Selected Stories of Franz Kafka

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Good - Moderate wear around the edges of dust jacket. Book clipped. Tight binding Roughly 50 pp. or 15% of the book contain markings, e.g., marginal notes and underlining. A few pages are stained. No tears, all pages are crisp.
Hardcover, 328 pages
Random House Inc., 1952
First Modern Library Edition

No writer in history has illuminated the dark and fantastic side of the human soul with the clarity and perception of Kafka, and this group of stories has been selected to reflect his finest and most representative work.

In his brilliant introduction to this volume, Philip Rahv writes, "Kafka so compellingly arouses in us a sense of immediate relatedness, of strong even if uneasy identification... because of the profound quality of his feeling for the experience of human loss, estrangement, guilt and anxiety—an experience increasingly dominant in the modern age." Indeed, Kafka speaks to today's world with a rarely equaled immediacy and directness of expression.

These selected stories comprise fifteen of Kafka's best-known and most typical works, including "The Metamorphosis," "In the Penal Colony," "The Great Wall of China," "Investigations of a Dog," and "The New Advocate."

With an Introduction by Philip Rahv

About the Author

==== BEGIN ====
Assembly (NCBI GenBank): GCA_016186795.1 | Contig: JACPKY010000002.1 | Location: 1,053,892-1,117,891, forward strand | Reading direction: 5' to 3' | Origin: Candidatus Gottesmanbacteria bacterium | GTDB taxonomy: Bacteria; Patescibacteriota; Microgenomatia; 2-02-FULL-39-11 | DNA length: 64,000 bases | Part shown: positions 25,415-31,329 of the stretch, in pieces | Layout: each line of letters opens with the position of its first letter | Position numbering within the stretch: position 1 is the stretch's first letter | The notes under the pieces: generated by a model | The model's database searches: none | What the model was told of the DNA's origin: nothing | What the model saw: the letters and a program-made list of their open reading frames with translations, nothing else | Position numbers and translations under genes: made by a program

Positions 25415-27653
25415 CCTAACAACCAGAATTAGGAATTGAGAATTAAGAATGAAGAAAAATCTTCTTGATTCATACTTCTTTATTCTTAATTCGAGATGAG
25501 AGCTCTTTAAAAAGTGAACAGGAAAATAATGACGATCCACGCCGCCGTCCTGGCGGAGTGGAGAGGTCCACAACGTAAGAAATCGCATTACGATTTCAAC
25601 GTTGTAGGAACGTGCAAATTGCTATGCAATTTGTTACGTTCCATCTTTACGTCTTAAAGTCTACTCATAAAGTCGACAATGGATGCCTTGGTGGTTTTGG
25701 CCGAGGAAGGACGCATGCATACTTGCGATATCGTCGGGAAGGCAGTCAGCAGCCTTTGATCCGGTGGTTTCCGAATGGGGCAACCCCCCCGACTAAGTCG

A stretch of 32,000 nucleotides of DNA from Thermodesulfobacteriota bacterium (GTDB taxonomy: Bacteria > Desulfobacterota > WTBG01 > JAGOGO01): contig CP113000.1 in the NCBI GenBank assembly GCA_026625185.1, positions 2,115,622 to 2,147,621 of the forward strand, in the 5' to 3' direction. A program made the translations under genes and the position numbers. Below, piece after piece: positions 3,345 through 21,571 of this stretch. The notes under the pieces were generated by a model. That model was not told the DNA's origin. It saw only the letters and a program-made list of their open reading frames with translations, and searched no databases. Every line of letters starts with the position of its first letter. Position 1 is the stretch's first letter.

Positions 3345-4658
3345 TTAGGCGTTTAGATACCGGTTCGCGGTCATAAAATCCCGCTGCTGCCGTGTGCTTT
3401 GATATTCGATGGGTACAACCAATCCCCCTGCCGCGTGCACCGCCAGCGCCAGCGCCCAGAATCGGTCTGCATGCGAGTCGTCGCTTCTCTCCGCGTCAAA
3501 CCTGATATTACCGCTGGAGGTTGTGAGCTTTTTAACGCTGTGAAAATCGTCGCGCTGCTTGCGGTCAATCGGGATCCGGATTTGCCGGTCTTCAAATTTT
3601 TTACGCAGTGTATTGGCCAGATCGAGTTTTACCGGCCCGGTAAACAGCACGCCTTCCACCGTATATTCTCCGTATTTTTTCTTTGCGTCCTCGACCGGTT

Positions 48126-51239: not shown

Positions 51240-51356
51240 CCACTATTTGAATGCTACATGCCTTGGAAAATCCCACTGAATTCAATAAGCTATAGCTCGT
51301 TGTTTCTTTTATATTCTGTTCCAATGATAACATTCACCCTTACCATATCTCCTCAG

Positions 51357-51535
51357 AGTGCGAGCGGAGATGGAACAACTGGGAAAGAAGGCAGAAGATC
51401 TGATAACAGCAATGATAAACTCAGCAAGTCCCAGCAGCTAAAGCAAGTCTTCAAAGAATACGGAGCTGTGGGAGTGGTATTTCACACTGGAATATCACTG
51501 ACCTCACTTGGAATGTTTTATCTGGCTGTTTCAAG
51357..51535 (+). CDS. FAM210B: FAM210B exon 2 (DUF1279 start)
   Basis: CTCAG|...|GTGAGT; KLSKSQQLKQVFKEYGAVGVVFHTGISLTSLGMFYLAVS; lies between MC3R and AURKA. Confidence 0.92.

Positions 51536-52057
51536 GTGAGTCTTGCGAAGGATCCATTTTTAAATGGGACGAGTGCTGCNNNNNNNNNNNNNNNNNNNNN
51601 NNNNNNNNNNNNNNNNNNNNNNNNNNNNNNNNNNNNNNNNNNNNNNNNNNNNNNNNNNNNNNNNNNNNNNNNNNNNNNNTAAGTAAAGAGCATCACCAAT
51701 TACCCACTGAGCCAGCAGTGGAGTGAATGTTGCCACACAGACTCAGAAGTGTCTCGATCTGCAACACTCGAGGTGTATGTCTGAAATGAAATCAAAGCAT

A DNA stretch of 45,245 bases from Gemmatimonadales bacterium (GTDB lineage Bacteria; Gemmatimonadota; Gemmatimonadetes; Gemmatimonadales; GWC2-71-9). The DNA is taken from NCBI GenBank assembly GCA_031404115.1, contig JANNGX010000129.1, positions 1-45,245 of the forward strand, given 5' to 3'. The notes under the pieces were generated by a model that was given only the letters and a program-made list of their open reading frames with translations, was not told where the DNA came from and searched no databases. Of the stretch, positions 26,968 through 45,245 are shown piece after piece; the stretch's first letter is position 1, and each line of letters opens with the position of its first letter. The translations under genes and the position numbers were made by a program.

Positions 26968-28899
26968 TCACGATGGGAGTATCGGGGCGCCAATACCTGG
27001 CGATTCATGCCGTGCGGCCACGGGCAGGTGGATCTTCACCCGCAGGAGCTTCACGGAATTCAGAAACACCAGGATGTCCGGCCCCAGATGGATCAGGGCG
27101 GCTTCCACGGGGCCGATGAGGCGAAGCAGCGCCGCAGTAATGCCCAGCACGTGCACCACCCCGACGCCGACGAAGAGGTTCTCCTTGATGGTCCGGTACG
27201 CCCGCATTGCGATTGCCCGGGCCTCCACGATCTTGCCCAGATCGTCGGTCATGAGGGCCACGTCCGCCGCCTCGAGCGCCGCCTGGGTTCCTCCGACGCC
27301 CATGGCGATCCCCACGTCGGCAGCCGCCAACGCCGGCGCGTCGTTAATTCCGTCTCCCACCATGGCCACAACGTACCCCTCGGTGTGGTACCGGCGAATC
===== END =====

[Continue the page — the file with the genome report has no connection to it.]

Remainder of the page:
Franz Kafka was born in Prague in 1883 of a middle-class Jewish family. Kafka's relationship with his energetic, overbearing, respectable, practical and successful father, who ridiculed Franz's literary ambitions and spiritual wandering, evidently destroyed the young boy's self-confidence and implanted a sense of guilt that was to color Franz's work and last all of his life. Pushed by his father's desire to see him established in a respectable profession, Kafka took a degree in Law at the German University in Prague in 1906 and soon afterwards obtained a post in an accident-insurance office. Though Kafka's real interest was in writing, his overwhelming sense of guilt kept him from trying a literary career and he confined his writing to hours stolen from work. His sense of inferiority kept him from trying to publish during his lifetime, yet he would not give up writing and his health suffered constantly from the demands of both his job and his creative career. He contracted tuberculosis and spent the majority of his adult years in and out of sanitariums. In 1923, after meeting Dora Dymant, he moved with her to Berlin to pursue a literary career. Unfortunately, by then Kafka's health had been permanently ruined and he died of tuberculosis in a hospital near Vienna in June, 1924, at the age of forty-one. During his lifetime, Kafka published only three of his shorter works and he directed that his work be destroyed in its entirety after his death by his friend Max Brod. Fortunately, Brod decided to disregard Kafka's instructions and to give Kafka's work to the world.